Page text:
What The Sims taught me about making money.

Around the age of 9 years old, I stumbled across what would arguably the strongest addiction I have ever had: The Sims.

Fifteen years later, I realized a pattern that each of my sim families always shared: Money, and loneliness.

Here’s the financial lessons I learned from my favorite video game of all time.

At age 9, my life changed forever.

There I stood with a video game that allowed me to build houses, furnish/decorate it, create a family (or whatever combination of adults I wanted), procreate, suffer death, lose my kids to child protective services, climb the career ladder… literally ANYTHING I wanted. It was all possible because I was God playing Life in my virtual dollhouse.

My adolescent mind was absolutely BLOWN away.

The Sims was unlike every other video game I ever touched because there was no beginning/end, and no story-line. The game was a sandbox where I could be whatever I wanted to be and live our my wildest adulthood fantasies.

The Sims taught me that LGBT relationships are fine, because literally nobody else in the sim neighborhood cared (this would serve me well later in life when I realized I was gay). I learned about depreciation and opportunity cost every time I sold an item in my house to pay bills…specifically when I only got 60% of its original value.

I taught myself how to balance a budget and save for the things I truly wanted. I remember learning that the repo man will take your stuff away if you are broke or choose not to pay your bills on time, and that the burglar would steal your belongings if you didn’t protect yourself.

Side note… the noise that played anytime something grave occurred (job loss, theft, etc) still gives me chills to this very day.

Once I got the hang of the game, my sim families started to thrive… and they all tended to follow the same formula.

A gorgeous and eligible adult Sim buys a starter home, furnishes it with the basic items, gets a career, and goes to work.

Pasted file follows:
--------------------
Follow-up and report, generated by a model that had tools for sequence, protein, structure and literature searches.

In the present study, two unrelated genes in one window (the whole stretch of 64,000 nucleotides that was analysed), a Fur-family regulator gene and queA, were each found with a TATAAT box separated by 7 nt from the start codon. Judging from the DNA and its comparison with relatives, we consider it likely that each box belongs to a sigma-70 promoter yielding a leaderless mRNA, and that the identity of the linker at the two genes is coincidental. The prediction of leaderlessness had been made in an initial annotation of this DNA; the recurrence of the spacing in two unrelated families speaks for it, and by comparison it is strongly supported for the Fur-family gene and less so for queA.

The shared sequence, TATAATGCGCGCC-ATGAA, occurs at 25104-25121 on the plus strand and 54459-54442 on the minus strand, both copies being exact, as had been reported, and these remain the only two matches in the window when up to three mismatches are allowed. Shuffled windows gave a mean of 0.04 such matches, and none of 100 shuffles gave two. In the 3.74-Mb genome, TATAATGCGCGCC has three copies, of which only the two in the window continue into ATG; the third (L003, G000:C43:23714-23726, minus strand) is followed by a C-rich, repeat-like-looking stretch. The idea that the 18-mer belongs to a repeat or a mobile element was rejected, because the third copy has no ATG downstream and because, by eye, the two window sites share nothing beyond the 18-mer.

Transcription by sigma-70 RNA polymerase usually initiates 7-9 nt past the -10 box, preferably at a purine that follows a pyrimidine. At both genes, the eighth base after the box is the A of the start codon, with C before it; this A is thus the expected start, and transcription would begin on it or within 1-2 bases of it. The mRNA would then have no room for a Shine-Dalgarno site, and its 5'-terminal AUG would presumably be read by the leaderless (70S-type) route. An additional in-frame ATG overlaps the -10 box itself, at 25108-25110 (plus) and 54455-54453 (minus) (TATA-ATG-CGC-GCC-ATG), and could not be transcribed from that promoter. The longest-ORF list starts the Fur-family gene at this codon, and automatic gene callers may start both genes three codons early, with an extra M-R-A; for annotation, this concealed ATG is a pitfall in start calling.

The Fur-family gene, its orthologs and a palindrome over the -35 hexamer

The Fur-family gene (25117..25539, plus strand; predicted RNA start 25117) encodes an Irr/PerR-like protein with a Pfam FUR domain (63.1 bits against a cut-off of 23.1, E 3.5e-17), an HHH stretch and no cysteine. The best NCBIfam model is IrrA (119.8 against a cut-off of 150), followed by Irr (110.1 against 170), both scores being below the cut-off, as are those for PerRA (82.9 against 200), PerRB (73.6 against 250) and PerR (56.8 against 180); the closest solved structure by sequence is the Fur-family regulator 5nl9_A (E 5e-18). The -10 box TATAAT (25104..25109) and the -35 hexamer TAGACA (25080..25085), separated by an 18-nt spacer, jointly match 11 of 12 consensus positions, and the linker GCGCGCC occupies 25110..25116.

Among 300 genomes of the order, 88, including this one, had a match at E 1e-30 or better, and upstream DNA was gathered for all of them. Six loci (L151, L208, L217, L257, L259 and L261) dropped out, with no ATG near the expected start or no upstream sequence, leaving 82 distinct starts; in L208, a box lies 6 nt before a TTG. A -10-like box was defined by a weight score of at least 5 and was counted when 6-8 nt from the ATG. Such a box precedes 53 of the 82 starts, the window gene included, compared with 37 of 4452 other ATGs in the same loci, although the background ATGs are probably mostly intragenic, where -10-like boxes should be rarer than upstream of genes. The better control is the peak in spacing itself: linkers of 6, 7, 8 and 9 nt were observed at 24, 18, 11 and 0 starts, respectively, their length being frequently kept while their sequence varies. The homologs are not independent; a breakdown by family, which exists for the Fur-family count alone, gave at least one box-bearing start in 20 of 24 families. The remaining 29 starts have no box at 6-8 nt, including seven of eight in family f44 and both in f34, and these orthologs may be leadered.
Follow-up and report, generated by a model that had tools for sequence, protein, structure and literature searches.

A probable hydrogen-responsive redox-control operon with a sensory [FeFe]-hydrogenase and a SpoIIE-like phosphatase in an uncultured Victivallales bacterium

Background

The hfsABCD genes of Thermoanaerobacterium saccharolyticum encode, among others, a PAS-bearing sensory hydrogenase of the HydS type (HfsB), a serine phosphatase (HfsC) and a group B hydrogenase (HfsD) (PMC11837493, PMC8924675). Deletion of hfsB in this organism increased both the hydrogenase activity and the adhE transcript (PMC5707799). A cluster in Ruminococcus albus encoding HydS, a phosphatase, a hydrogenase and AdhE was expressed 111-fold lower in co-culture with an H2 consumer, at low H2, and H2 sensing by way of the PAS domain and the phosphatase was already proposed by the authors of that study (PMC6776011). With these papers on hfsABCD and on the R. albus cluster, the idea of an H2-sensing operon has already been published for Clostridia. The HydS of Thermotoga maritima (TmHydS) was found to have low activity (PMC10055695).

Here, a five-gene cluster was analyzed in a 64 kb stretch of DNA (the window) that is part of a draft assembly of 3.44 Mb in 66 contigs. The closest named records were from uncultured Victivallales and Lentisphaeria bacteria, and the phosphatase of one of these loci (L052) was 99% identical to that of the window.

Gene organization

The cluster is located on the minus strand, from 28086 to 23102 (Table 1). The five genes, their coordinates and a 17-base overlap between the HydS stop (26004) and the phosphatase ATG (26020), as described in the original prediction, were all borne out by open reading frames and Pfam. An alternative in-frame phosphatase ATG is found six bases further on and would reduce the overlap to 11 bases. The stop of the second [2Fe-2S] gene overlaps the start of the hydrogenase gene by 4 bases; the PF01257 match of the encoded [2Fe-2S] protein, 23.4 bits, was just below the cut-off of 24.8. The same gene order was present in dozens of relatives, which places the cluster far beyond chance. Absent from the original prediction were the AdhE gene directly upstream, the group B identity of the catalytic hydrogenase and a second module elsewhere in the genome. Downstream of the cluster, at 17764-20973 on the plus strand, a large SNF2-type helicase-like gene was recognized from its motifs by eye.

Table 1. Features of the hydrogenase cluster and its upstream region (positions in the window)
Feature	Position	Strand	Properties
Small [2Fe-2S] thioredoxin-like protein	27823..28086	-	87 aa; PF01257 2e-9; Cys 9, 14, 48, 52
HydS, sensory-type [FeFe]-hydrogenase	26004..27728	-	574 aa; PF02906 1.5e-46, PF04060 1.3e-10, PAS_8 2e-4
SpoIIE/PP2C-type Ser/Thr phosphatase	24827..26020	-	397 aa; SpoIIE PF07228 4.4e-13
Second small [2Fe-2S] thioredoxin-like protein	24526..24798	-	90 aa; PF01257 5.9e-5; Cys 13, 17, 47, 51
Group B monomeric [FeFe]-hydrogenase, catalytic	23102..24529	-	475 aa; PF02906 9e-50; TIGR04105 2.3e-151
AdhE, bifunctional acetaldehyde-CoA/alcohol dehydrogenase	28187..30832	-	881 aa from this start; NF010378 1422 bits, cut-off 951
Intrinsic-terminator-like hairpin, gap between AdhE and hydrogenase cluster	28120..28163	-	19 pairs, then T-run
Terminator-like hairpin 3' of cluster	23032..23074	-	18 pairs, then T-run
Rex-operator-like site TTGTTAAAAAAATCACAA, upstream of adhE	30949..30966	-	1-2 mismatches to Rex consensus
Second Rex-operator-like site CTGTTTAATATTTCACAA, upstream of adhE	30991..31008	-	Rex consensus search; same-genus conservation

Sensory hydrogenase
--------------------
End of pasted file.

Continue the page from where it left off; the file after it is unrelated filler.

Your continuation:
After cooking a couple of meals, they learn how to feed themselves…which is an important skill because around the third day, a neighbor comes over to introduce themselves and if they’re hot, the quest begins. My Sim will cook them a delicious pixelated dinner, they’ll interact all night, fall wildly in love, Woo Hoo, and get married.

Bam. Duel income achieved.

Just like that, my two newlyweds would begin their new life together and we’d spell out a list of ambitions for their future. Would my Sims become a major athlete? An astronaut? A criminal mastermind? Who knows! But one thing was guaranteed… they’d be rich.

Soon after setting off on adulthood, I’d pool their earnings together, upgrade them into a bigger home, and begin nesting…

Baby number 1 arrives, and I lock one of the parents (usually the lower income earner) in the house where their job became caring for the little freeloader <–bundle of joy and increasing their domestic skillset until the electronic spawn is ready to start school.

Around the time my family’s maternity/paternity time-off runs low… the household pops out another child, and we do it all over again! After all, we do have a huge home to fill.

While the parenting sim is busy potty training, changing diapers, and dealing with crying children…the other sim is hustling their way in life via the corporate resume. They’re ranking up, getting promotions, and bringing in the big bucks. As long as this continues… all is well.

The children grow up, go to school, and thrive. The parenting sim returns to the workforce (armed with the numerous skills they’ve amassed while being at home) and quickly makes up lost ground. The promotions roll in, and so does the money. Side note, if ONLY that’s how parenting vs careers worked. The reality in our life is that women often get paid less than men once they become mothers. Oh well. I digress.

Down the road, we save up some coin and move the family into to an even larger home…perhaps one with a pool?

RIP billions of sims at the fate of their pools.
2000 – present day.

New home. New vibes. New furniture. Same ole plan.